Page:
It’s been about one year since I published the famous article summarizing my experiences treating snapping triceps syndrome and ulnar nerve subluxation. Since then, I have received a lot of responses and feedback from people who have been experiencing those elbow issues. Subsequently, I authored and published an e-book that goes into detail about my hypotheses and treatment for the said issues I myself had. (If you’re interested in the e-book, it can be found here).
There’s No Conservative Treatment – What Gives?
As it’s been said repeatedly in previous posts and in my e-book, there is no “sound” form of treatment for these conditions, except for surgery. Literature reviews for both snapping triceps syndrome AND ulnar nerve subluxation each conclude that surgery is the only viable option:
“A conservative treatment regimen is recommended for 3 months to 6 months. This should consist of anti-inflammatory measures and the cessation of any activities that trigger the snapping. If conservative treatment is not effective, surgery is the most appropriate option. During surgery, the snapping portion of the medial triceps is [surgically removed]. The results of surgery are good to excellent in well-selected patients.” (Vanhees MKD, et. al)
“While non-operative treatment may decrease symptoms, it usually does not eliminate the underlying snapping. Patients who have persistent painful snapping or symptoms related to the ulnar nerve despite a trial of non-operative therapy should be considered for operative management.” (Xarchas KC, et. al)
It’s unfortunate that there isn’t much recommended by medical professionals as to how to treat these issues conservatively. It appears to just be rest and the removal of exercise from one’s activities. Compare that to the treatment of ACL tears, which can be successfully treated conservatively. (Rauch G, et. al) My guess is that this is because of two things.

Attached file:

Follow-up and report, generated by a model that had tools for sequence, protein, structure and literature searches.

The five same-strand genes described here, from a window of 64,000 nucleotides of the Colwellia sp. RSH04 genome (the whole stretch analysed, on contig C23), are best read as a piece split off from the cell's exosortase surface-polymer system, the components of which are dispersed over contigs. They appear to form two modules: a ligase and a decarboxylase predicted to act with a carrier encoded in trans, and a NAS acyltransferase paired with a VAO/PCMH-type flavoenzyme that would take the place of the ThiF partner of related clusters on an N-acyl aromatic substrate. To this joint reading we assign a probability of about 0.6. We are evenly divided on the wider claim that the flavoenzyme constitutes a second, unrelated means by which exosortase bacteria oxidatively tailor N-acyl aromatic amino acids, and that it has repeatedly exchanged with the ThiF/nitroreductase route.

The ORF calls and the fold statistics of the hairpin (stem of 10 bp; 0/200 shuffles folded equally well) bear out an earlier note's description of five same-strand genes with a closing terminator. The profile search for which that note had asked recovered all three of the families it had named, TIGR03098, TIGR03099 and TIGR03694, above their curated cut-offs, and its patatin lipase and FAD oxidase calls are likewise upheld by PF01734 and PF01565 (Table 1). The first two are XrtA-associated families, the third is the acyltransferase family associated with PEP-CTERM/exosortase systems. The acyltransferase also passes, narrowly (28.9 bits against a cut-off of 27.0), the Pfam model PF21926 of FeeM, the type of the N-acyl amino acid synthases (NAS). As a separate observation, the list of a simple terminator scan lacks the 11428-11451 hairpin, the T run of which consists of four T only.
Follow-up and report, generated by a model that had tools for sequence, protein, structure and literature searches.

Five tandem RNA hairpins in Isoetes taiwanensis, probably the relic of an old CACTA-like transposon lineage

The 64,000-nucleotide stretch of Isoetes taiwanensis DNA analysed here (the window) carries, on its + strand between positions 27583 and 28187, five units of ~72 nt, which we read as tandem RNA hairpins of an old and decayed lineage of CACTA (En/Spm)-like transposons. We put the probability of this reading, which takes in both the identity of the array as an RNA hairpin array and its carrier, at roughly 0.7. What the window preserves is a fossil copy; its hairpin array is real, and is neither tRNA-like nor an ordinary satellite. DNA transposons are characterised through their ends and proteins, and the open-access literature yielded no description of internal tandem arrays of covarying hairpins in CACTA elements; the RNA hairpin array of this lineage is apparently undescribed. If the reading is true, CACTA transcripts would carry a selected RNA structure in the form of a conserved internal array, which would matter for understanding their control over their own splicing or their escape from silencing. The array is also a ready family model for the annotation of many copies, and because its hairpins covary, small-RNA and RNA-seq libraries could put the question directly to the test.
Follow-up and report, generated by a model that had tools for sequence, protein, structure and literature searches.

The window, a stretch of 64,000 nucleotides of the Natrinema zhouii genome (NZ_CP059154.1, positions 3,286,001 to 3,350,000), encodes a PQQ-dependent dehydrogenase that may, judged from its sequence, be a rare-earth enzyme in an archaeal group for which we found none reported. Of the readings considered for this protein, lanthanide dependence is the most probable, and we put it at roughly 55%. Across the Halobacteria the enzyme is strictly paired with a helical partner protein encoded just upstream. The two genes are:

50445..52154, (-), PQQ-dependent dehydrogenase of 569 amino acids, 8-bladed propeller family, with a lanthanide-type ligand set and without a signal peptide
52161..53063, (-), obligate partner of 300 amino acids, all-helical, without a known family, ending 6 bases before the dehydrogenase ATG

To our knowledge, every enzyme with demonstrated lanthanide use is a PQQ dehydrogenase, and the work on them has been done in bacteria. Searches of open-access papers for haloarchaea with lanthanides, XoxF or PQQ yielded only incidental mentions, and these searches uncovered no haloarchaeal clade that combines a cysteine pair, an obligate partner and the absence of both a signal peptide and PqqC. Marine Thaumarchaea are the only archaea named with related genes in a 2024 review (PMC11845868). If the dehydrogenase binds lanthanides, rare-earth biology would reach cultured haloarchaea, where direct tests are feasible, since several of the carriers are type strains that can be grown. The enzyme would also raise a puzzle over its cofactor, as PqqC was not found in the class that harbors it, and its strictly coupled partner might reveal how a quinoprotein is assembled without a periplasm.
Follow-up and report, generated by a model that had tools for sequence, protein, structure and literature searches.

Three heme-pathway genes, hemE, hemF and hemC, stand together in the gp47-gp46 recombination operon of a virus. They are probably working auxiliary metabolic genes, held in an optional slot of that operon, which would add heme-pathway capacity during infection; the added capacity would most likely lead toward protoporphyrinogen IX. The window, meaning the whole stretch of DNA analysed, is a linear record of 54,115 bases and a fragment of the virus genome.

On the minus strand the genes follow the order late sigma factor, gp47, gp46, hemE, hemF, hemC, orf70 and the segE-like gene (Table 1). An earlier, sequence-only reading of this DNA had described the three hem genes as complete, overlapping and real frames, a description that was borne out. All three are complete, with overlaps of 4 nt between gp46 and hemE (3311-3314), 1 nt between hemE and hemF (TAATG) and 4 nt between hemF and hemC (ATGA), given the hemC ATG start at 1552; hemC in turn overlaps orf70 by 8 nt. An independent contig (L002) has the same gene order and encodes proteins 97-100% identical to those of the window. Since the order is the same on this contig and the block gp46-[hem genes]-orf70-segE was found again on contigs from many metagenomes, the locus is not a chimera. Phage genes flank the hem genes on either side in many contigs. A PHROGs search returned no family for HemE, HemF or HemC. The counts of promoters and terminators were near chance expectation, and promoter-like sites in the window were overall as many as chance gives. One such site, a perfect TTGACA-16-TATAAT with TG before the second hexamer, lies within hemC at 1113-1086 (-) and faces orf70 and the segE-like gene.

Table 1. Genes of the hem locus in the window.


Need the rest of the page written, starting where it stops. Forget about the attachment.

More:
First, ACL tears are “supposedly” more common. Second, more is understood about ACL tears, allowing there to be better recommendations for conservative treatment.
With the glaring discrepancy in treatment of ACL tears vs. the treatment of subluxating ulnar nerve/snapping triceps syndrome, it appears to result from an issue of supply and demand. In pursuit of profits, an industry will pursue the demands of one consumer-base over another, given the price of the product (in this case, medical treatment) is fixed but the size of the first consumer-base is much larger than the other. Apparently more folks have ACL tears than elbow issues, so they’ll get the attention. This leads me to question the ethics of the medical profession, but I digress…
I can’t help but wonder – are these elbow injuries that uncommon???
Snapping Triceps… A Force Greater Than You or Me.
When I sought after a solution for my ulnar nerve subluxation, I found that PLENTY of folks online had experienced this issue (and snapping triceps syndrome, too).